Size of Geothermal Unit

I'm in the process of selecting a company to install a geothermal unit,
but we've received contradictory information. I'm hoping this group can
shed some light on the situation.
We've had 2 companies come out and give estimates with 2 more lined up.
Interestingly enough one company based the size of the unit on cooling demands, while the other based the unit on heating demands. If we go with cooling it will be equvilent to 3.5 tons, whereas heating is 5 tons. I"m not sure who to believe. Does anyone have any advice or experience?
Jessica
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Sorry, I left out some details. I live in Maryland, and would probably go with backup electric heat.
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snipped-for-privacy@gmail.com wrote:

Where are you located? Could judge better if had some idea of the climate.
If there's a marked over/under-sizing on either side performance will likely be less than satisfactory. I'd be particularly worried about undersizing heating capacity in a cold climate, however, as if you don't have sufficient capacity there you'll be forced to run on auxiliary ("emergency" in some nomenclature) heat for perhaps extended periods. This will easily negate any hope of ever recovering the initial higher installation cost by lower operational costs.
Had WaterFurnace installation in TN Valley--was very successful at operational cost-effectiveness relative to air/air heat pump conventional A/C unit. That area is, of course reasonably moderate both summer and winter, w/ summer cooling demands normally just a little higher than winter.
I'd get some more input...did the estimators run actual heat load projections or were they simply "back of the envelope" estimations? Authorized WaterFurnace installers have detailed estimating/sizing programs. Other sources of information may be your local power company--many have programs for cost share for energy-efficient alternatives.
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wrote:

Suggest ( in Maryland ) size for the heating load and go with a two stage unit that has a variable speed blower.
And don't ever skimp on your ground loop sizing when putting in any geo system.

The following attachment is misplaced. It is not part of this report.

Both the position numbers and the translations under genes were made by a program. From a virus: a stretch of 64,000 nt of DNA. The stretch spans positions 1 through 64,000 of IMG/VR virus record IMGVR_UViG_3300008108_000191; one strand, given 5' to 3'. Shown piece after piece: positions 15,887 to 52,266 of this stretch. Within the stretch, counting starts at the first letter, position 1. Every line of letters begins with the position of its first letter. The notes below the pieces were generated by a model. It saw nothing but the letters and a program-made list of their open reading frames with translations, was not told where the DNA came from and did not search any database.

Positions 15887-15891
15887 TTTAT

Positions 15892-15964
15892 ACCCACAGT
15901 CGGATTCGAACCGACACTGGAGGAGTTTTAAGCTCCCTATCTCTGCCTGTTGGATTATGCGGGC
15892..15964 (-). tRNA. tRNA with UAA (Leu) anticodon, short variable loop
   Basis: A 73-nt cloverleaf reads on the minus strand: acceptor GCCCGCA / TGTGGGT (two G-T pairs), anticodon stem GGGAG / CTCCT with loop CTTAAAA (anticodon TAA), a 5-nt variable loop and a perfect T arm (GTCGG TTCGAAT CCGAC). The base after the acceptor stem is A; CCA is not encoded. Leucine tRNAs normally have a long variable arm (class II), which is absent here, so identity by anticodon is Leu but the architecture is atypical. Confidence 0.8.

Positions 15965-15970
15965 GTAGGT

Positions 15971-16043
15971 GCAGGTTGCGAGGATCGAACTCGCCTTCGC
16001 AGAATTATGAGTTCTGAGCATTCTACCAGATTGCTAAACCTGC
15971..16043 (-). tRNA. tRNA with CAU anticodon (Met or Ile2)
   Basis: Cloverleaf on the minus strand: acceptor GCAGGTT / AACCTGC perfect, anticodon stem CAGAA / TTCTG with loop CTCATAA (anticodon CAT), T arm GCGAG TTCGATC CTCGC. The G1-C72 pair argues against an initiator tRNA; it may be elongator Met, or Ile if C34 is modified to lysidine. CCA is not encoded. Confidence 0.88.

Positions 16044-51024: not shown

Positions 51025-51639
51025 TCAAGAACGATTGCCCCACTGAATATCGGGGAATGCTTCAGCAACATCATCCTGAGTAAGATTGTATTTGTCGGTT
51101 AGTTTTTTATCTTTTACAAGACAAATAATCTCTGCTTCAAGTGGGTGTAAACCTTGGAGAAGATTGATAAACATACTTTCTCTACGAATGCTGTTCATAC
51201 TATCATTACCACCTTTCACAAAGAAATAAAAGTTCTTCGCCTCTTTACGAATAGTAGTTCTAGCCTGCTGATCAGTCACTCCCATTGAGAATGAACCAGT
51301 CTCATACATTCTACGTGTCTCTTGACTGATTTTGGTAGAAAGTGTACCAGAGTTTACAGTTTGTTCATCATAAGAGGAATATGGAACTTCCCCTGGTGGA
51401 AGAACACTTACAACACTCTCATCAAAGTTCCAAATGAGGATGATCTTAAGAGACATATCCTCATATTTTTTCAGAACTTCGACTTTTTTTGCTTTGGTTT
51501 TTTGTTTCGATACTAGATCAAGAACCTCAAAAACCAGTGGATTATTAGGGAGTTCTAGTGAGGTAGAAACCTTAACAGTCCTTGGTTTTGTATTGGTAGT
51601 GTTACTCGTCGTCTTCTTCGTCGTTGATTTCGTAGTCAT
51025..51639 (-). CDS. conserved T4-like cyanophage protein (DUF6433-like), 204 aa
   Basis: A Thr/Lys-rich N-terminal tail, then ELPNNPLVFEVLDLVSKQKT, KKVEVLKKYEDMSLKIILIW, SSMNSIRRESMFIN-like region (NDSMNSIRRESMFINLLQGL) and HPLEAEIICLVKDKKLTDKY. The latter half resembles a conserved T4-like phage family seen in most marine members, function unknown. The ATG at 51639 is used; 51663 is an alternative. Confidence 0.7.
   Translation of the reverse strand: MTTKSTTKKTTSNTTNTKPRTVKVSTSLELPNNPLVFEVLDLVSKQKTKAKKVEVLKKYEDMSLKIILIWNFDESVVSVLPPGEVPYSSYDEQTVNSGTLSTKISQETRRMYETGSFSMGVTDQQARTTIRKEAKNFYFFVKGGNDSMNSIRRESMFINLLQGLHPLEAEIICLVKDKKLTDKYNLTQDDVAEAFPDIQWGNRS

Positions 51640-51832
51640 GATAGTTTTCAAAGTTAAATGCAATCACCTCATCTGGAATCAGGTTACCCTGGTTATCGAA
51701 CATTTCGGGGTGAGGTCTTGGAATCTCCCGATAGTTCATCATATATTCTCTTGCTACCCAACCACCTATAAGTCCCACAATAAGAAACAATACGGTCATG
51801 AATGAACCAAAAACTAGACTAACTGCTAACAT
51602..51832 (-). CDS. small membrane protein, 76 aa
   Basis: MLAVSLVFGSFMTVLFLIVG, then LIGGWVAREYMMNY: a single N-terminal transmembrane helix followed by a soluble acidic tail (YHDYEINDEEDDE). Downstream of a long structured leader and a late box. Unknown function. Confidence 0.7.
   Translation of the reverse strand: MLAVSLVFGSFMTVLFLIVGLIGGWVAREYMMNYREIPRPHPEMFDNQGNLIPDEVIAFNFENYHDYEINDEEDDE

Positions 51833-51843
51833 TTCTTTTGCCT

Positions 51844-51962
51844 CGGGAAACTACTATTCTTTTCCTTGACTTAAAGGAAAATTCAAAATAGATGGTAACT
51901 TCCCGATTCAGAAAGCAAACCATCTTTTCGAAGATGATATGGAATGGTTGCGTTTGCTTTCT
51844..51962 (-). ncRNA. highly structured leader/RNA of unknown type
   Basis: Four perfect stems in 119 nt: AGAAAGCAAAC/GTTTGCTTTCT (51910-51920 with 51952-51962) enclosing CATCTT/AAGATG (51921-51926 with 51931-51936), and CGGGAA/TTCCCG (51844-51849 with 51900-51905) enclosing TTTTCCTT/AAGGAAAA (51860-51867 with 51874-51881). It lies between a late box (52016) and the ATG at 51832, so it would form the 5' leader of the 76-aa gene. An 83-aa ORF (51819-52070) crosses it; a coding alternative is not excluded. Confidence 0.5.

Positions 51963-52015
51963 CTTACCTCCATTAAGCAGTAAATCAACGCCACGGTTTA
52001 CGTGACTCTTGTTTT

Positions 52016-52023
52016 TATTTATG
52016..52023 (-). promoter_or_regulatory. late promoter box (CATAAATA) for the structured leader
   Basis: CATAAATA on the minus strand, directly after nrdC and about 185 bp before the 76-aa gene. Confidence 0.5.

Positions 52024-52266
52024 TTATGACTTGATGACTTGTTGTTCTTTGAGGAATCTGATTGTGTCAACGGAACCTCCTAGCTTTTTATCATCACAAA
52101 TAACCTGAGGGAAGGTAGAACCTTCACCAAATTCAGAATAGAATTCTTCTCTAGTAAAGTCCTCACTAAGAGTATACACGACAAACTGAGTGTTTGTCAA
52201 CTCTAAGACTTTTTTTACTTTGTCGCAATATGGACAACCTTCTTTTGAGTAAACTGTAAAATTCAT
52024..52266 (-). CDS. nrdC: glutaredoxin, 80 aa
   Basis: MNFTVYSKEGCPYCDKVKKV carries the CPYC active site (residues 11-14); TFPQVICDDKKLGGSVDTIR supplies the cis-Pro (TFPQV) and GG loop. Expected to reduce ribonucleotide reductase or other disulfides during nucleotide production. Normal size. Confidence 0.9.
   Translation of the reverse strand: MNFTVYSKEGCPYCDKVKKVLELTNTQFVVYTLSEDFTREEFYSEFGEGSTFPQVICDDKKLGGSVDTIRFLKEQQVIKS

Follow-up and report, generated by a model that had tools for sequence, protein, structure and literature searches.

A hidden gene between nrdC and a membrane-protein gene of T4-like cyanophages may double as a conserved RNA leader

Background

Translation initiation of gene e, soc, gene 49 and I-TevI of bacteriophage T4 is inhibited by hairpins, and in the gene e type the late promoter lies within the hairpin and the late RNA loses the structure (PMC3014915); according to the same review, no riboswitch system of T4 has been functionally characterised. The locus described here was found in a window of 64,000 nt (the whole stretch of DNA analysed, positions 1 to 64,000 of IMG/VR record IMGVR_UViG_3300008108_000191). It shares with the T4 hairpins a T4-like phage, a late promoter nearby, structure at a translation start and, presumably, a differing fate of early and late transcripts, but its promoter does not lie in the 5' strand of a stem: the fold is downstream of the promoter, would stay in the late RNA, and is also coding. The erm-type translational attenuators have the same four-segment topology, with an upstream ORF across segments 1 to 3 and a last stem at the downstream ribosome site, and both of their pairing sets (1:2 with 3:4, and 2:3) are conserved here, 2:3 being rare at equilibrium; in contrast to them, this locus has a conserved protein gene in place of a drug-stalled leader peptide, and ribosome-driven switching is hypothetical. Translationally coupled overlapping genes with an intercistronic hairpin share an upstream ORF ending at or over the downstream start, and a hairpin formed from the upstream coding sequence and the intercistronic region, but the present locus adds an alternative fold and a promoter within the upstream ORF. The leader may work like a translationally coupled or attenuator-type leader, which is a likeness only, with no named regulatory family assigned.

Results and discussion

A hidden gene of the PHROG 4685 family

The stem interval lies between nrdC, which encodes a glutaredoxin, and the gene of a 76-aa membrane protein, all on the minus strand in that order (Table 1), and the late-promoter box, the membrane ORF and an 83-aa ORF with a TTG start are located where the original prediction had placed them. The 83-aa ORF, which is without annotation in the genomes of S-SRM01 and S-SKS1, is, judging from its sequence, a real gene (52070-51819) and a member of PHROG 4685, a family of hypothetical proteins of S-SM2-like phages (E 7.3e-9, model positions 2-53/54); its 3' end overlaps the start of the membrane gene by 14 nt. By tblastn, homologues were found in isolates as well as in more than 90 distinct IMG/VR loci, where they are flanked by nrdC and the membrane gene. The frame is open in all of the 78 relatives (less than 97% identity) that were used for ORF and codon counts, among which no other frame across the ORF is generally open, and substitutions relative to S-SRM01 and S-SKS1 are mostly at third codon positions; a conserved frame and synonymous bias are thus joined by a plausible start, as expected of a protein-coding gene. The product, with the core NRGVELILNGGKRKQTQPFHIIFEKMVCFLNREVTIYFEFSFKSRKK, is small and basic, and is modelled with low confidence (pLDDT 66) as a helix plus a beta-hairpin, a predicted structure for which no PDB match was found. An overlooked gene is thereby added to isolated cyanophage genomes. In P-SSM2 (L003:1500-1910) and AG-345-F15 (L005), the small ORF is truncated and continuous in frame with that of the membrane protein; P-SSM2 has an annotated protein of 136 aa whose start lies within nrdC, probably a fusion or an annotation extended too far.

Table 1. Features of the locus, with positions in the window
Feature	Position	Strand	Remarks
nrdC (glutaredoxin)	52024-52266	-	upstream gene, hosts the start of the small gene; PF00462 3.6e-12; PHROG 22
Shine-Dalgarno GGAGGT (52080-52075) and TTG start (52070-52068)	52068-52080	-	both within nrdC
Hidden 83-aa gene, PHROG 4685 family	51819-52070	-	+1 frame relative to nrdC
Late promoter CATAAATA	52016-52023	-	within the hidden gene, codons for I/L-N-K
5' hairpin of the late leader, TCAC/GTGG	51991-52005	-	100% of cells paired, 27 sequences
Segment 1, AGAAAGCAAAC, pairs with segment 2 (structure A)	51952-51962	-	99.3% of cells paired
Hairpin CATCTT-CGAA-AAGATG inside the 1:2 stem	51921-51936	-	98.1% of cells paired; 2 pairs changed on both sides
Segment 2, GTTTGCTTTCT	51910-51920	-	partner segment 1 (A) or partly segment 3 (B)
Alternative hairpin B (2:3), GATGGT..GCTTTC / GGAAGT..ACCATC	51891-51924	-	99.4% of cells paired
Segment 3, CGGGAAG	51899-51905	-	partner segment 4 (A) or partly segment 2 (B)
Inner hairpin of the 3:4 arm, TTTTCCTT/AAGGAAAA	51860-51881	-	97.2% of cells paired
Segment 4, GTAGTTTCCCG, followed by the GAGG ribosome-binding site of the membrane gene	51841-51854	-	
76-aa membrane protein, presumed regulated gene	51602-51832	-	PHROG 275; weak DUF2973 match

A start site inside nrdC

--
SVL



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Duane Bozarth wrote:

I live in Southern Maryland, Waldorf (20601) to be exact. It's about 35 miles south of DC. Both companies are WaterFurnace Installers. THe company that suggested we base the size on cooling load walked through the whole house measuring windows, rooms, doors, and inspected the duct system. He back and said we have 45,000 BTU for cooling and 95,000 BTU for heating. If we put in a cooling load system, the threshold for heating would be 27 degrees. Anything below that we would have to use back up heat.
The second company walked through the house and looked at our current system. He didn't measure anything. He is to call me this week to go over his estimate... but told us we would install based on heat load.
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I work for a large HVAC company but they refuse to get into geothermal (I still think they are missing the boat). I know of several companies that do. Could I ask who the two companies are (that did your estimates)?
I'm in Gawd's Country (St. Mary's County)
;-]
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I'd go with the first guy who sizes on cooling load, especially if you have high summer humidity levels. Normally the backup heat will be auxiliary heat. It will run IN ADDITION to the Water Furnace, NOT instead of it. The operational cost of some strip heat usage should not hurt too bad. With geothermal, the heating capacity won't degrade with the weather. The first guy did the survey properly, I think you will be happier with him AND his installation.
Stretch
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Stretch wrote:

If it's set up that way...the fella' that did the installation of ours put an external thermocouple in addition to prevent them from cutting on before about 25F...but even then, I don't think we ever had them come on for any extensive period except once when it got to -20F (in Knoxville, TN area, no less!). But it was sized for heat load, essentially. It actually was a little large for the cooling load, but not so excessive to be a real problem.
I recommend the WaterFurnace highly, btw, as long as the installer is really experienced...cut operating cost to nearly a third of what the air-to-air heat pump had been--of course, it was an old, cheap unit.
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We're in southernish Ontario (Ottawa). The one Geothermal dealer we spoke to (there may only be one in our area ;-( sizes for heating load.
[Roughly 1 ton/800 sf, one hole per ton.]